FDA approves Zinbryta to treat multiple sclerosis

June 6, 2016

FDA recently approved daclizumab (Zinbryta, Biogen and AbbVie), a once-monthly, self-administered, subcutaneous treatment for relapsing forms of multiple sclerosis (RMS).

FDA recently approved daclizumab (Zinbryta, Biogen and AbbVie), a once-monthly, self-administered, subcutaneous treatment for relapsing forms of multiple sclerosis (RMS).

Because of its safety profile, the drug should generally be reserved for patients who have had an inadequate response to 2 or more therapies indicated for the treatment of multiple sclerosis (MS), Biogen said.

“Zinbryta is the first once-monthly, self-administered treatment in MS, and it demonstrated superior efficacy over a widely-used interferon,” said Alfred Sandrock, MD, PhD, executive vice president and chief medical officer at Biogen. Clinical data showed Zinbryta significantly reduced relapses and brain lesions for up to 3 years compared to Avonex (interferon beta-1a) intramuscular injection, and has a positive benefit-risk profile with monthly patient monitoring, he added.

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FDA’s approval of Zinbryta is primarily based on results from 2 clinical trials, including DECIDE, the largest and longest head-to-head phase 3 clinical trial ever conducted in MS. The Phase 2b SELECT and Phase 3 DECIDE studies were global, randomized, double-blind, controlled studies that involved approximately 2,400 people living with RMS. Some patients in DECIDE were treated for up to 3 years.

In DECIDE and SELECT, Zinbryta significantly reduced the annualized relapse rate (ARR), the primary end point of the studies, by 45% compared to Avonex up to 144 weeks and by 54% compared to placebo at 52 weeks, respectively.

Zinbryta also demonstrated superior efficacy across multiple measures of MS disease activity (relapses and MRI) compared to Avonex, including a significant reduction in the mean number of new or newly enlarging T2-hyperintense lesions by 54% compared to Avonex at 96 weeks.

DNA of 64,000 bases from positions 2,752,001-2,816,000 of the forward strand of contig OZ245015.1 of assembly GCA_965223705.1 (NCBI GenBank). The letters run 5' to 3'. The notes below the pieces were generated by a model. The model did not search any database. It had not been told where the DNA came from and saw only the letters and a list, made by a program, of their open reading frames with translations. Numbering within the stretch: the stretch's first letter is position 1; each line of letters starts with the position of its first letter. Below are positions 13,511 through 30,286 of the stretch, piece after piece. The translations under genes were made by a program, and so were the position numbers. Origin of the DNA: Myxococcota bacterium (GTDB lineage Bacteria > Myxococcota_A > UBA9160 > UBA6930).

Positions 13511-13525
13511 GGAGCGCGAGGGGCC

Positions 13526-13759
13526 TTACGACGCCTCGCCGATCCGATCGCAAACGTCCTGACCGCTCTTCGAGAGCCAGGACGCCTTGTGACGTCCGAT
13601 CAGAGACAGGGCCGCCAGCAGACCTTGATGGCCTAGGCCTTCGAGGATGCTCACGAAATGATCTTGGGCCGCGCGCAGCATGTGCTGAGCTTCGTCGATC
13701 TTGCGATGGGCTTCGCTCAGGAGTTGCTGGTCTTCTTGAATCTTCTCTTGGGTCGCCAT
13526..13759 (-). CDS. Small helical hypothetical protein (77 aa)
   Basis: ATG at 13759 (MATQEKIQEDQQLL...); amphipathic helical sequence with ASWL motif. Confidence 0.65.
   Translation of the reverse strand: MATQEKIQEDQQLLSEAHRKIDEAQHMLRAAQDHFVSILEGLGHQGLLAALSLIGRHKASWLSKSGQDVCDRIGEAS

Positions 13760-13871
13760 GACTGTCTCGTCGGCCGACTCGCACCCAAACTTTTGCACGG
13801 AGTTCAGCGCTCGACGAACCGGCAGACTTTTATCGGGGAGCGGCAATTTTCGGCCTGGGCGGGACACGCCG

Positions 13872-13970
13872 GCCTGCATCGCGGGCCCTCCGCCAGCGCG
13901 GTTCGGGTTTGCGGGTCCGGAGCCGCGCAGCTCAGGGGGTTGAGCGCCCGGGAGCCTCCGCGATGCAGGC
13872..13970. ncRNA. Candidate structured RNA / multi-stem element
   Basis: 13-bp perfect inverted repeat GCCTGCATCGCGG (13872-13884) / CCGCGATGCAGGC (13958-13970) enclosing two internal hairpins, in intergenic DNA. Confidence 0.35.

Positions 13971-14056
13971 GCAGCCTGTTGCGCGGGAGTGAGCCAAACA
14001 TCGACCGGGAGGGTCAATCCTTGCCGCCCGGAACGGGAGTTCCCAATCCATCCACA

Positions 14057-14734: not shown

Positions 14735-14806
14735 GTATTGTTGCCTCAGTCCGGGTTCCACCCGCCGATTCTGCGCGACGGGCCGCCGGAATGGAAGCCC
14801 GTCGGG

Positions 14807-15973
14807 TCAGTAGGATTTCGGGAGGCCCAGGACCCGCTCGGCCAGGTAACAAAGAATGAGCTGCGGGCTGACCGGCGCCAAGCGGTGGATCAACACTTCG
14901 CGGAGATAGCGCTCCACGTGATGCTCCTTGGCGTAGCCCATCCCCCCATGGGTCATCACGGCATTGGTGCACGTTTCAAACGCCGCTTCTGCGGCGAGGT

In addition, the study showed at up to 144 weeks on Zinbryta, 67% of patients were relapse-free, compared to 51% of the patients taking Avonex.

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The Zinbryta label includes a boxed warning for the risk of hepatic injury, including autoimmune hepatitis, and other immune-mediated disorders. Because of these risks, access to Zinbryta in the United States is restricted to prescribers, pharmacies and patients enrolled in the Zinbryta Risk Evaluation and Mitigation Strategy (REMS) Program, which includes required monthly liver function tests.

The most common adverse reactions that occurred in Zinbryta-treated patients were nasopharyngitis (inflammation of the nose and a part of the throat), upper respiratory tract infection, rash, influenza, dermatitis, oropharyngeal (part of the throat) pain, bronchitis, eczema, and lymphadenopathy (enlargement of the lymph nodes) compared with Avonex; and upper respiratory tract infection, depression, rash, pharyngitis (inflammation of part of the throat), and increased alanine aminotransferase (ALT; a type of liver enzyme) compared with placebo.

The US Zinbryta prescribing information also includes warnings and precautions for hepatic injury, immune-mediated disorders, acute hypersensitivity (inflammatory reaction), infections, depression and suicide.

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